I like what you say about trust in others starting with trust in yourself. Indeed, that trustworthiness is (dare I say) a cornerstone for building trust in any relationship, whether it’s with a partner, a care provider, or a system.
This can be a big challenge when circumstances limit choices (e.g., when the price of medications goes beyond our ability to pay for them). Trusting yourself that you’re doing the best you can gives others the opportunity to believe that about you and help.
You’ve also highlighted what I agree is a key benefit of trust — It facilitates decision making! When we’re among trusted and trustworthy companions, we have less to worry about, knowing they’ll uphold their word, and do the best they can to fulfill our expectations. We can handoff some of the burden of decision making and reduce the “crazy making.” Similarly, when we are trustworthy, we give the gift of one less thing to worry about to others.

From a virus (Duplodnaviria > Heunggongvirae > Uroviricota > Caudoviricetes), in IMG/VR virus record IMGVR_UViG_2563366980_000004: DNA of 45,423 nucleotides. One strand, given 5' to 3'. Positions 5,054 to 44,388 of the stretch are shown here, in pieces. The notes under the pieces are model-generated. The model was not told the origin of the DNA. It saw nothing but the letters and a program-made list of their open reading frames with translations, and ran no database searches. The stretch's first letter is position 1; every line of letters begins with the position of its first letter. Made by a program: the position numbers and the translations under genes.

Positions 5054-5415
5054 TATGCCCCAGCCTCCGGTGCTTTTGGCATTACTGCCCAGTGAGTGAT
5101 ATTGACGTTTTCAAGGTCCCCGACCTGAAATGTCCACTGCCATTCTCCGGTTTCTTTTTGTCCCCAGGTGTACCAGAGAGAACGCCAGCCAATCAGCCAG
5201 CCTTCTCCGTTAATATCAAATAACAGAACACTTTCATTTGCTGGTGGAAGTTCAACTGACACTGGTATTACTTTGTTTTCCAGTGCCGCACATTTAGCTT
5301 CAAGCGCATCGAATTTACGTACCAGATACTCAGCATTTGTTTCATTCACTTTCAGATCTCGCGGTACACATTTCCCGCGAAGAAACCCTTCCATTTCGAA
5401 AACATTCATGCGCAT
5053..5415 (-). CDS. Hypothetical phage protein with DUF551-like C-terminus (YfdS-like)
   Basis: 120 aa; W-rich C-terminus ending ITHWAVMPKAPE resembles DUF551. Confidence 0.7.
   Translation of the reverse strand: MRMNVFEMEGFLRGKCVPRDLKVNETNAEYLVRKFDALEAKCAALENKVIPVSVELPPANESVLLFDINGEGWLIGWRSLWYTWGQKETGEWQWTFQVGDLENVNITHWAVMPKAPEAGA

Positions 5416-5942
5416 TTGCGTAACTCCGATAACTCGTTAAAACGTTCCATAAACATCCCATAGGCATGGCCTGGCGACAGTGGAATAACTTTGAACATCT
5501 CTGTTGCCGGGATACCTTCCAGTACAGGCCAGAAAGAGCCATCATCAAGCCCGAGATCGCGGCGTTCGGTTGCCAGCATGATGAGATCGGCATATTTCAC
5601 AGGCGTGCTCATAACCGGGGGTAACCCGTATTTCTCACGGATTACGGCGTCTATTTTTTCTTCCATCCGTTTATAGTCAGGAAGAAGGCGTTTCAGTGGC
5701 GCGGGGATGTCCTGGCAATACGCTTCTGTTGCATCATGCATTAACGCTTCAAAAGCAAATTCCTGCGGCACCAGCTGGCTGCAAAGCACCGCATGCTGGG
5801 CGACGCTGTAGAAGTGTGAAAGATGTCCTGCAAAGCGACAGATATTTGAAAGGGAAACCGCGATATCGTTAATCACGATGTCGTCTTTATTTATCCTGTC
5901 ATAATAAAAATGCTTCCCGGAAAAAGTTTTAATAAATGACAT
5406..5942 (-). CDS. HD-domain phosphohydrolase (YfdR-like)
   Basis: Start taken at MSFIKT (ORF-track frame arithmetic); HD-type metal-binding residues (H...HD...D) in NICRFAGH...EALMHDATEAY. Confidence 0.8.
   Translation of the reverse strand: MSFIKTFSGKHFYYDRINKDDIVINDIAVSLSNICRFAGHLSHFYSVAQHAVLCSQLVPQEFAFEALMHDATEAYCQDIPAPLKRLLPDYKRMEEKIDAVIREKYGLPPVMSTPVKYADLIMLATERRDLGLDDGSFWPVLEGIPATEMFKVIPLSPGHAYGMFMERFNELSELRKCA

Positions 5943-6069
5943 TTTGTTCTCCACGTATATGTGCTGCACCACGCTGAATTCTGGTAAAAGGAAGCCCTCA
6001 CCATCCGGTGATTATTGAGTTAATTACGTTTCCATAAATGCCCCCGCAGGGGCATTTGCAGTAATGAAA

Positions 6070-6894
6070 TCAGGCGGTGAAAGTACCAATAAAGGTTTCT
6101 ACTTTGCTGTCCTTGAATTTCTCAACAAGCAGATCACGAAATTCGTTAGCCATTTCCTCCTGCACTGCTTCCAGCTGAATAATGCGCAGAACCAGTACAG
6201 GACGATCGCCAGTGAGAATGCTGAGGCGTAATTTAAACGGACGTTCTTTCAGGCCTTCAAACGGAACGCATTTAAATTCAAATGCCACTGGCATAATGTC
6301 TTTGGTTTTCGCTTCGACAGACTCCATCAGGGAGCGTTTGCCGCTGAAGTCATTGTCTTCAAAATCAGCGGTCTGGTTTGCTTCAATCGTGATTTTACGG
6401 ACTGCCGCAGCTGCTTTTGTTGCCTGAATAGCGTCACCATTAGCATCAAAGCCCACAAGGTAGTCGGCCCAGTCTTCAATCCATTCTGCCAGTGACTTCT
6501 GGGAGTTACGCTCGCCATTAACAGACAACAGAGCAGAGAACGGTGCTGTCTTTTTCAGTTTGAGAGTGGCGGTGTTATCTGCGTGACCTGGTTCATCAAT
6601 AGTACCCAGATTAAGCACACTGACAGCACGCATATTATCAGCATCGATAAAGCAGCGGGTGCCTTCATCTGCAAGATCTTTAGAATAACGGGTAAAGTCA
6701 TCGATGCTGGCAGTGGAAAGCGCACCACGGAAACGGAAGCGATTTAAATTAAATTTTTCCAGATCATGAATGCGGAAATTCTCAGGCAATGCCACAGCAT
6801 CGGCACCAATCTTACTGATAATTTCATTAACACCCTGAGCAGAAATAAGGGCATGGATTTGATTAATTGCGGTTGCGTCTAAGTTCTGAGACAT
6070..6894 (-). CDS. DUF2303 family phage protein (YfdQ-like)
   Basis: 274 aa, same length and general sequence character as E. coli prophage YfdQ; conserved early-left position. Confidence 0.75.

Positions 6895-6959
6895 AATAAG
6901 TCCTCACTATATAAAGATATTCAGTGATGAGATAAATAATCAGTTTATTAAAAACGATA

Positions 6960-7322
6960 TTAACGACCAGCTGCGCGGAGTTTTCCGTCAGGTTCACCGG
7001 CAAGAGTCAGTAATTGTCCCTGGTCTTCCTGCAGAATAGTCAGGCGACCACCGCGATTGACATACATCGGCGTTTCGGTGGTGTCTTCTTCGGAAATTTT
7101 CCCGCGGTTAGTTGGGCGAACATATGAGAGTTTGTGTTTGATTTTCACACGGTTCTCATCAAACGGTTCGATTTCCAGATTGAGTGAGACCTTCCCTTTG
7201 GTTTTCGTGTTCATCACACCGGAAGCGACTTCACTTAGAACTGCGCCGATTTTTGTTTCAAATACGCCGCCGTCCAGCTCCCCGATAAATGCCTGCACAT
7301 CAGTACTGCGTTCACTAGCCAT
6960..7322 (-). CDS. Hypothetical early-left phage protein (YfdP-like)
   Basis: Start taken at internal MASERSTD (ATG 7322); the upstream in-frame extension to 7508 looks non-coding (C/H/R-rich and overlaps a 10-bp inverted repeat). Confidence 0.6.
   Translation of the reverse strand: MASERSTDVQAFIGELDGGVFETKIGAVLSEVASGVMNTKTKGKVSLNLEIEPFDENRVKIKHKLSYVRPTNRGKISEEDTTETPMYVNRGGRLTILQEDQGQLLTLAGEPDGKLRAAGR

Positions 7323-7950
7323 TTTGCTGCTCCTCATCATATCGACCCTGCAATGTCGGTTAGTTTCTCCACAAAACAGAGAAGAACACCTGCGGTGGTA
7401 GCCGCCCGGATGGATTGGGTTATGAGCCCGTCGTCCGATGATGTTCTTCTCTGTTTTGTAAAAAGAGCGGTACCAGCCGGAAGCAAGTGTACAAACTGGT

Jodyn, I wasn’t sure what you meant by cornerstone (Trust has long been recognized as a cornerstonein the relationships that support our health and well-being). You replied: I've taken the cornerstone analogy to mean that if you remove the cornerstone, the structure falls apart. If the structure falls apart, and the cornerstone remains, you can build again. I agree with that.
I really like what you said in your presentation about the trust definition (a willingness to be vulnerable to another for a given set of tasks):
To be vulnerable->implies risk/confidence
To another->implies relationship
For a given set of tasks->implies contingency (a future event or circumstance that is possible but cannot be predicted with certainty.)
My feeling about health management is that it’s a grand experiment. We make a choice. Ideally, the choice is likely to be successful in improving health based on research, preferences, and circumstances. We try it. It works (our health goal or medical problem is reached, solved, or bettered) or it doesn’t. If it doesn’t and we try something else. Trust is key.